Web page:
Similarly, in Chapter 2 of the Sonic Color Line, Stoever outlines the appearance of stereotypes in regards to black sonic identity. Stoever writes, “Minstrelsy’s aural practice involved distorted dialect, exaggerated intonation, rhythmic speech cadences, and particular musical instruments such as the banjo and bone castanets allegedly lifted from ‘the plantation’” (Stoever 84). This is similar to Ledbetter’s expectation to meet the expectations of the racist listening ear. He was forced to sound inarticulate while singing folk songs about “black misery” in order to reminisce the days on the plantation. In Chapter 2 Stoever also discusses the connection between the body and sound. She writes, “The antebellum sonic color line naturalized the socially constructed, historically contingent relationships between the voice and the body, suturing the two together as essentially raced entities via the listening ear” (Stoever 130). In Chapter 4, Stoever argues that the promotion of Ledbetter alongside lynching photos affected how white people made connections between black men’s bodies and Ledbetter’s voice. Stoever argues, in both chapters, that stereotypes for how black people should sound were tied closely to how black people looked.
In the Introduction to The Sonic Color Line Stoever briefly discusses the idea of white ownership of public spaces. She uses the example of a white man killing a black teen at a gas station because the black teen would not turn down his hip-hop music. Stoever writes, “Without ever consciously expressing the sentiment, white Americans often feel entitled to respect for their sensibilities, sensitivities, and tastes, and to their implicit, sometimes violent, control over the soundscape of an ostensibly ‘free,’ ‘open,’ and ‘public’ space” (Stoever 2). Stoever uses both modern and past examples to describe this incidence of believed white ownership of public space, and the unfortunate violent actions that arise from it. In Chapter 4 of The Sonic Color Line Stoever again discusses this idea in regard to Wright’s work. She argues that black people had to be cautious of their sonic presence in public places, as whites dominated even common areas. This point also roughly relates to a point made in the Introduction to The Auditory Culture Reader. The authors write, “Sensitivity to the urban auditory is often class-based and culturally influenced. Cultures with strong notions of ‘private space’ as a form of entitlement are more prone to complain about the noise of others” (Bull and Back 10). The authors also make the case that people feel entitled to sonic space, and that this entitlement can be class-based. Therefore, one can make the connection that white elites believed to own public space over the supposed lower class black population.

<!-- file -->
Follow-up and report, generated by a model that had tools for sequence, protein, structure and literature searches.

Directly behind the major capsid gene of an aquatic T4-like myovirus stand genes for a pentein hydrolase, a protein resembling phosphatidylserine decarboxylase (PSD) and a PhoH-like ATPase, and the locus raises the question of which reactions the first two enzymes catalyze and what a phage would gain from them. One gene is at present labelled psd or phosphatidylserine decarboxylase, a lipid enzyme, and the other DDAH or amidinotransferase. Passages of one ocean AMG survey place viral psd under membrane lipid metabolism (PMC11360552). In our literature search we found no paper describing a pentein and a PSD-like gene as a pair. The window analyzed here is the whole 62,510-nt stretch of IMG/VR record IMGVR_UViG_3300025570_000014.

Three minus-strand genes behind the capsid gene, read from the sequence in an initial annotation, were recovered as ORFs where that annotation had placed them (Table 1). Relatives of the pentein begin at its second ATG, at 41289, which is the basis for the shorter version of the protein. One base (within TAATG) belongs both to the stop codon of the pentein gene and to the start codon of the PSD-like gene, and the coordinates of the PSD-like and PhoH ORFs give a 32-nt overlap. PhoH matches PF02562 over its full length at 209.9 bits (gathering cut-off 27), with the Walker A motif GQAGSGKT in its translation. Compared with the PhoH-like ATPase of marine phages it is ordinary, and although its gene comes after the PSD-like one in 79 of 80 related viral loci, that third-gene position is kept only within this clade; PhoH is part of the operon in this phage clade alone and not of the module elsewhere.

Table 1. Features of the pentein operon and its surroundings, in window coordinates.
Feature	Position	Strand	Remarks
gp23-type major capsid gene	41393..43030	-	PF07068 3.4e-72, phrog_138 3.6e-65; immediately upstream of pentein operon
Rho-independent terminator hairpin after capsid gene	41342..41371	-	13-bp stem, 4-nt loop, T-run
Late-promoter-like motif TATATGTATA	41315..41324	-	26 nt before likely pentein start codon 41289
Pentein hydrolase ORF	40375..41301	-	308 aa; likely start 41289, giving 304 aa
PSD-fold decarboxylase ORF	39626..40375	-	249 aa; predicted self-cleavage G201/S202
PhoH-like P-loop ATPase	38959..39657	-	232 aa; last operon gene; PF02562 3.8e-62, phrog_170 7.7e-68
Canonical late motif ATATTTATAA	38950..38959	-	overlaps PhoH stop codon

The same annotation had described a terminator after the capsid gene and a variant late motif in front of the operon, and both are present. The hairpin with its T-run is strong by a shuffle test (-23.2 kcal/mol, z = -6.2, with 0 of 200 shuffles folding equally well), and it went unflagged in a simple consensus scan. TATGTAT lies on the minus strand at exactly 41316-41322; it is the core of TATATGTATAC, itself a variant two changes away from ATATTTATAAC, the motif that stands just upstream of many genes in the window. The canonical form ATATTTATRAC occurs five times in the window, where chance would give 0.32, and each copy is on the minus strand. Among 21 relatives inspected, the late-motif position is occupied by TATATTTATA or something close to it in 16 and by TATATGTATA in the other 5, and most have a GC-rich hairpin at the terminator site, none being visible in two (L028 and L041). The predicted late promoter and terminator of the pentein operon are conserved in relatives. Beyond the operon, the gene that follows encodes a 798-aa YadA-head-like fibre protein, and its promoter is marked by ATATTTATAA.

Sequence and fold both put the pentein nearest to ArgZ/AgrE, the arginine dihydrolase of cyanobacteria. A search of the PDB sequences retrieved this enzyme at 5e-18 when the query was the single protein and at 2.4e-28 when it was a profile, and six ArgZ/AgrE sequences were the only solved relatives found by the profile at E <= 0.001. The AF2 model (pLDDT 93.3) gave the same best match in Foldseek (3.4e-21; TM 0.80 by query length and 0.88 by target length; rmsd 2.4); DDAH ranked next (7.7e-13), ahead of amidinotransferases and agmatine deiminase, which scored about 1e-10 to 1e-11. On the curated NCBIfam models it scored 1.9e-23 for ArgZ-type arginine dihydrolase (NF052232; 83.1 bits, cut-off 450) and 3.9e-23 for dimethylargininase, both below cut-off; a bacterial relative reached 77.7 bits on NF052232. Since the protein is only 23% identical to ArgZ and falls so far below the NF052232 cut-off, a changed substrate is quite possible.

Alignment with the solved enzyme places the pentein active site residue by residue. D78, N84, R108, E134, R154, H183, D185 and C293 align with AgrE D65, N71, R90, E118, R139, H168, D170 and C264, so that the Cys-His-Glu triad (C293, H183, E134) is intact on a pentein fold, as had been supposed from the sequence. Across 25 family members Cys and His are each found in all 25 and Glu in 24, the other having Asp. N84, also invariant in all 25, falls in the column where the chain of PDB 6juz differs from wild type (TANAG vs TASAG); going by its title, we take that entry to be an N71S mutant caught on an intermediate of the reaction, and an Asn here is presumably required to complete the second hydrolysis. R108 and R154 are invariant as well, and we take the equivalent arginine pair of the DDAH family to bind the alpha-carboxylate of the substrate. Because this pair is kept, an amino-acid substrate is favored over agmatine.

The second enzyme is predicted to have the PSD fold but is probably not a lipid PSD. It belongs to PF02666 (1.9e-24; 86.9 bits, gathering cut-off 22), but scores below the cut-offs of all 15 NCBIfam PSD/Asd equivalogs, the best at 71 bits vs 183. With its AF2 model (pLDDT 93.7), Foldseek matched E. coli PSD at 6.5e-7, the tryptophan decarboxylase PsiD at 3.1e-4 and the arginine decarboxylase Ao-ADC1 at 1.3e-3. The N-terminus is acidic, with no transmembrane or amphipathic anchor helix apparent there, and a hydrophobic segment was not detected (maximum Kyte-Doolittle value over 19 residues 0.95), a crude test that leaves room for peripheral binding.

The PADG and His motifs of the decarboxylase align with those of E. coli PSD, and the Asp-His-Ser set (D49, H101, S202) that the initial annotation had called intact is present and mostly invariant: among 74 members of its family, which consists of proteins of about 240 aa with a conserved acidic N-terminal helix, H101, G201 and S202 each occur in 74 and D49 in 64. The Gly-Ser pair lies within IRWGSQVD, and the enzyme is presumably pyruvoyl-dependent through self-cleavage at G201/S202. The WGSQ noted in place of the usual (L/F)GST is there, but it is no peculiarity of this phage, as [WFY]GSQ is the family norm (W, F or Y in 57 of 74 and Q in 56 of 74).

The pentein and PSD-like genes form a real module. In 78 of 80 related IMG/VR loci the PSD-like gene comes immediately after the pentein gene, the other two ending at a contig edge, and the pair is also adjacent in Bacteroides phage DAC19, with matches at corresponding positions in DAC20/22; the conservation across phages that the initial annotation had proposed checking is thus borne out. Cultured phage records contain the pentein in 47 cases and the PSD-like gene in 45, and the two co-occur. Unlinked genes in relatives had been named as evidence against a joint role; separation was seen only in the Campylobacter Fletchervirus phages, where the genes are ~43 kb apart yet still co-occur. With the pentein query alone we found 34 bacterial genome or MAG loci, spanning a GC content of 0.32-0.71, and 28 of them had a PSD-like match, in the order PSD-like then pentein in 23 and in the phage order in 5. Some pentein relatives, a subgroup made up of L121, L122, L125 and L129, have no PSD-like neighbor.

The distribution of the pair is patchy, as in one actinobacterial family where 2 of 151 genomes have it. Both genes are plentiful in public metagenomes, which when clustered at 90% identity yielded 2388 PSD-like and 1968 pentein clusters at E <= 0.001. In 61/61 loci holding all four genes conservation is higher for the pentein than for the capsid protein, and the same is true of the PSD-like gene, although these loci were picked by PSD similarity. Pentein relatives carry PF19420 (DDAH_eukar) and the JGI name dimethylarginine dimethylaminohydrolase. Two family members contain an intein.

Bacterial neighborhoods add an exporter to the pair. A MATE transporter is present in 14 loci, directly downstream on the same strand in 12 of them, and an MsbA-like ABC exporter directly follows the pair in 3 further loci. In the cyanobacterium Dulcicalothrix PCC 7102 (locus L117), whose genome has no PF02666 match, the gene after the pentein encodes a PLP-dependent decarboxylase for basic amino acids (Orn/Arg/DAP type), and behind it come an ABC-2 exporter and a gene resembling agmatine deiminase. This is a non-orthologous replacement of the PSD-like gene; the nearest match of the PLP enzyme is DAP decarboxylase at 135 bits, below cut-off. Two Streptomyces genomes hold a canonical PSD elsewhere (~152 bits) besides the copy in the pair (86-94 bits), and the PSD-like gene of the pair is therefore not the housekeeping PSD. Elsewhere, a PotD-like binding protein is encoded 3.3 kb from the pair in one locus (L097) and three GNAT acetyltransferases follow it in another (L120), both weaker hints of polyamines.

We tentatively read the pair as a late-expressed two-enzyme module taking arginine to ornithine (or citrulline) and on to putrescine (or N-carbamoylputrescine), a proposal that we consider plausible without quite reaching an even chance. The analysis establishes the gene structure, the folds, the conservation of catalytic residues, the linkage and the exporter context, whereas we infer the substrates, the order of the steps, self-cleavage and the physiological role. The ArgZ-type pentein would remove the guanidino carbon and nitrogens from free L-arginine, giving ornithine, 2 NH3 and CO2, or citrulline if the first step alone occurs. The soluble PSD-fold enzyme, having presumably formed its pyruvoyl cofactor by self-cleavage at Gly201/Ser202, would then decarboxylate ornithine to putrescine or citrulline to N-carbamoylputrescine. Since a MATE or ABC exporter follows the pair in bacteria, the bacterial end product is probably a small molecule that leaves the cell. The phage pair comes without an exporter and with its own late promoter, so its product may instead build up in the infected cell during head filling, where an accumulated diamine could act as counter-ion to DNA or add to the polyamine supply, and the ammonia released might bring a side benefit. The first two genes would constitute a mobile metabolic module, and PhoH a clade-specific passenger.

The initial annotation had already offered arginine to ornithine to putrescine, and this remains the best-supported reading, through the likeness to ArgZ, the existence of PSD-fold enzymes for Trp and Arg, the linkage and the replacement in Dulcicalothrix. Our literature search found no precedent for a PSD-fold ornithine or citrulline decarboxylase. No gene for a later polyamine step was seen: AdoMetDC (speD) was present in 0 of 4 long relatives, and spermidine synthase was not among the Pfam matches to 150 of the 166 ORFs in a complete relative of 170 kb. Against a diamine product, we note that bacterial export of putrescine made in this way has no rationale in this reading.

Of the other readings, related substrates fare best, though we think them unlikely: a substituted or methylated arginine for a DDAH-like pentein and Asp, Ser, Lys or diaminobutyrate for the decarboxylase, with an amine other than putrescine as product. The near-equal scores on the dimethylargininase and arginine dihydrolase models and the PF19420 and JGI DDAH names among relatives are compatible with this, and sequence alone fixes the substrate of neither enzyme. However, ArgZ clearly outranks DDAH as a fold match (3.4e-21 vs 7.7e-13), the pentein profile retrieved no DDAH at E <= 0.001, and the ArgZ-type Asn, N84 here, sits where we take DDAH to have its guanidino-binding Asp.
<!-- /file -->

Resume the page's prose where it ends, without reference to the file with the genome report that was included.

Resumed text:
In Chapter 7 of The Auditory Culture Reader, Smith discusses the formation of racial stereotypes in senses other than sight. He writes, “The slaveholders also cast blackness in sensory terms both to justify and to explain exploitation” (Smith 102). These stereotypes were meant not only to separate black and whites, but to justify a belief that blacks were somehow of lesser value than whites. This is similar to the argument made in Chapter 4 of The Sonic Color Line about the reason segregated neighborhoods. In both instances, whites consciously developed stereotypes for black people in order to justify discrimination.
- Can there be a way to determine who owns sonic space – either public or private space? Is there an effective way to regulate the sounds of public or private spaces?
- How are these stereotypes, or new stereotypes, are still used today in order to “justify” current race relations?